ICE records reveal they are arresting more people who have no criminal record. In 2015 and 2016, 85% of people arrested by ICE had criminal convictions. In the first 14 months of the Trump administration, 69% of their arrests involved people with criminal convictions.
The facts are clear: more undocumented people are being detained by ICE.
In 2015 and 2016, about 1,703 ICE arrests occurred monthly (of people with no criminal conviction); now on average 4,143 arrests happen each month.
We have a client, who has been in the U.S. since 2006 and who has no criminal history and was just picked up by ICE. His second driving without a license conviction triggered his being detained.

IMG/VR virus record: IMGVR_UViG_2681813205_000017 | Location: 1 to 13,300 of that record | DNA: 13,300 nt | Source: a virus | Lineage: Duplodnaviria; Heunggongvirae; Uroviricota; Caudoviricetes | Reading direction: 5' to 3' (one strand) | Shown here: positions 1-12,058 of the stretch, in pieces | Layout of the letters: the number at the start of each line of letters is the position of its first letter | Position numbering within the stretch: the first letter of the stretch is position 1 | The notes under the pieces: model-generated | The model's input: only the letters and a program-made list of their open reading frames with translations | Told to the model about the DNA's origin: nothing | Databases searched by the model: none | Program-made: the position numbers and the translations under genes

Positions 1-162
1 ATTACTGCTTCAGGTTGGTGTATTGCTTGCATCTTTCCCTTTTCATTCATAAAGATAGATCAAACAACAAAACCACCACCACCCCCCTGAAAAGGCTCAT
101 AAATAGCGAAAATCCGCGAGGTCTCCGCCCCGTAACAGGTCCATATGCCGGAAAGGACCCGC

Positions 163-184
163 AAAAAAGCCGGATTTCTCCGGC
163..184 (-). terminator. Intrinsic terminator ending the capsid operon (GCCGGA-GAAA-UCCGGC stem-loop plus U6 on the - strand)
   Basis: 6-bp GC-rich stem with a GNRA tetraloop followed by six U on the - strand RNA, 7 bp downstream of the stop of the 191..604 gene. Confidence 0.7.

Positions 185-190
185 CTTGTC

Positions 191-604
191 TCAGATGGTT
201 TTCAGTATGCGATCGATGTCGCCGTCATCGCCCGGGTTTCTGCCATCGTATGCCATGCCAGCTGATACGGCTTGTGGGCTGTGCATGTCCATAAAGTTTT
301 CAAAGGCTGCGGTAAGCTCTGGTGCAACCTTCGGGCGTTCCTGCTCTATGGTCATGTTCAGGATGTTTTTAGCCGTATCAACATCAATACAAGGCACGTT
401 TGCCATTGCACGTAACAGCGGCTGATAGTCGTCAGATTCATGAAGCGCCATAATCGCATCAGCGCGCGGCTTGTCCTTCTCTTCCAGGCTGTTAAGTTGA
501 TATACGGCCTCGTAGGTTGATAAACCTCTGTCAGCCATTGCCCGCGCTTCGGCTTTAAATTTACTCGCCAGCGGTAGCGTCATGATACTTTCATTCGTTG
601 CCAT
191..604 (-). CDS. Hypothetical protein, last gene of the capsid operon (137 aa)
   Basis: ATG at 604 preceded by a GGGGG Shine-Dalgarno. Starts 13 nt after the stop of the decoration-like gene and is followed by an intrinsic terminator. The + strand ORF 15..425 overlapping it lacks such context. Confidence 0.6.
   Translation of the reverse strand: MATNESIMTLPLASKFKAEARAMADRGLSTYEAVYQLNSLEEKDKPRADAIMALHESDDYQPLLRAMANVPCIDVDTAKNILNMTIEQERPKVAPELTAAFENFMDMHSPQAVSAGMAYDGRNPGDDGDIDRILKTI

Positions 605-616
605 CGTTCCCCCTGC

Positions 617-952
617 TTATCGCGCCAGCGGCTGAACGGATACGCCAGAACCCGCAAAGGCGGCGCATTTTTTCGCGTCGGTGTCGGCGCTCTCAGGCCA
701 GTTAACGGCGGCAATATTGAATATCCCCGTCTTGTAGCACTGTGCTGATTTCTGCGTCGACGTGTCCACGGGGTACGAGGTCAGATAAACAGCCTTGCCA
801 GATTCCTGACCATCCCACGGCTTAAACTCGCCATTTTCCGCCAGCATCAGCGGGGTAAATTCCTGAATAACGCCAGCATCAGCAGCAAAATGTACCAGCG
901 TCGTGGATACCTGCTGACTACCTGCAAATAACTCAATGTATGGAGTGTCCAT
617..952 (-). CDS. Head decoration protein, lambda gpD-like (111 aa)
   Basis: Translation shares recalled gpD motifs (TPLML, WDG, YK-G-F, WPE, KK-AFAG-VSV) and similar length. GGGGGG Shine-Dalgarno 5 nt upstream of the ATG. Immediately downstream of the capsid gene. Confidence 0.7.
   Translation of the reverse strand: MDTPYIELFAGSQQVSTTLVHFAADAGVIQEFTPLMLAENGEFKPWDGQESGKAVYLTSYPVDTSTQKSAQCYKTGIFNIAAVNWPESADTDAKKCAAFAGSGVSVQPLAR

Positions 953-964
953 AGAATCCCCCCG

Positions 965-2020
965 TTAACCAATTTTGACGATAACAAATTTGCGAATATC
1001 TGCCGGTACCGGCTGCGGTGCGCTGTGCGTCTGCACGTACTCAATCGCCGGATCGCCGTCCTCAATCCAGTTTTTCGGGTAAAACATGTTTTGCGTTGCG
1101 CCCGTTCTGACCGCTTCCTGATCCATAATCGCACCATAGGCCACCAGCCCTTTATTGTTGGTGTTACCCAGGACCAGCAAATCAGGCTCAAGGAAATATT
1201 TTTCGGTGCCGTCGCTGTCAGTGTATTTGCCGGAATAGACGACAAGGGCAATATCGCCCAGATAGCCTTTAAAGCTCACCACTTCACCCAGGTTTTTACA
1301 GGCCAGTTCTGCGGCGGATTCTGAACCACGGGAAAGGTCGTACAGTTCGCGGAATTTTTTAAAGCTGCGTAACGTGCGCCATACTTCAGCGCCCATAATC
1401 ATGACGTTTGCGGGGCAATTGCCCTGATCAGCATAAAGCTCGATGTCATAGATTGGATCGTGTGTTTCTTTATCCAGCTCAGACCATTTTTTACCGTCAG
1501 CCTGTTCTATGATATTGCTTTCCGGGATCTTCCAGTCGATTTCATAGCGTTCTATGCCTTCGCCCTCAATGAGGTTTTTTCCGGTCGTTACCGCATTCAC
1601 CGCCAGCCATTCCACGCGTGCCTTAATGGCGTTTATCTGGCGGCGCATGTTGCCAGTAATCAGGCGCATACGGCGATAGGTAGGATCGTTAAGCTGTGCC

Before Trump, ICE agents were told to focus on undocumented immigrants with serious criminal histories. Now the net is bigger.
It's more important than ever for undocumented people to be proactive. Avoid interaction with law enforcement by not driving without a current license.
Possible avenues for legal relief should be carefully considered. The options for relief include the possibility of (1) being able to claim U.S. citizenship through a parent or grandparent, (2) getting a waiver or cancellation of removal based on extreme hardship, (3) obtaining a green card because of abuse, or (4) being a crime victim. Each possibility has particular requirements and evidence is critical. There is no one-size-fits-all answer; each person has their own unique facts.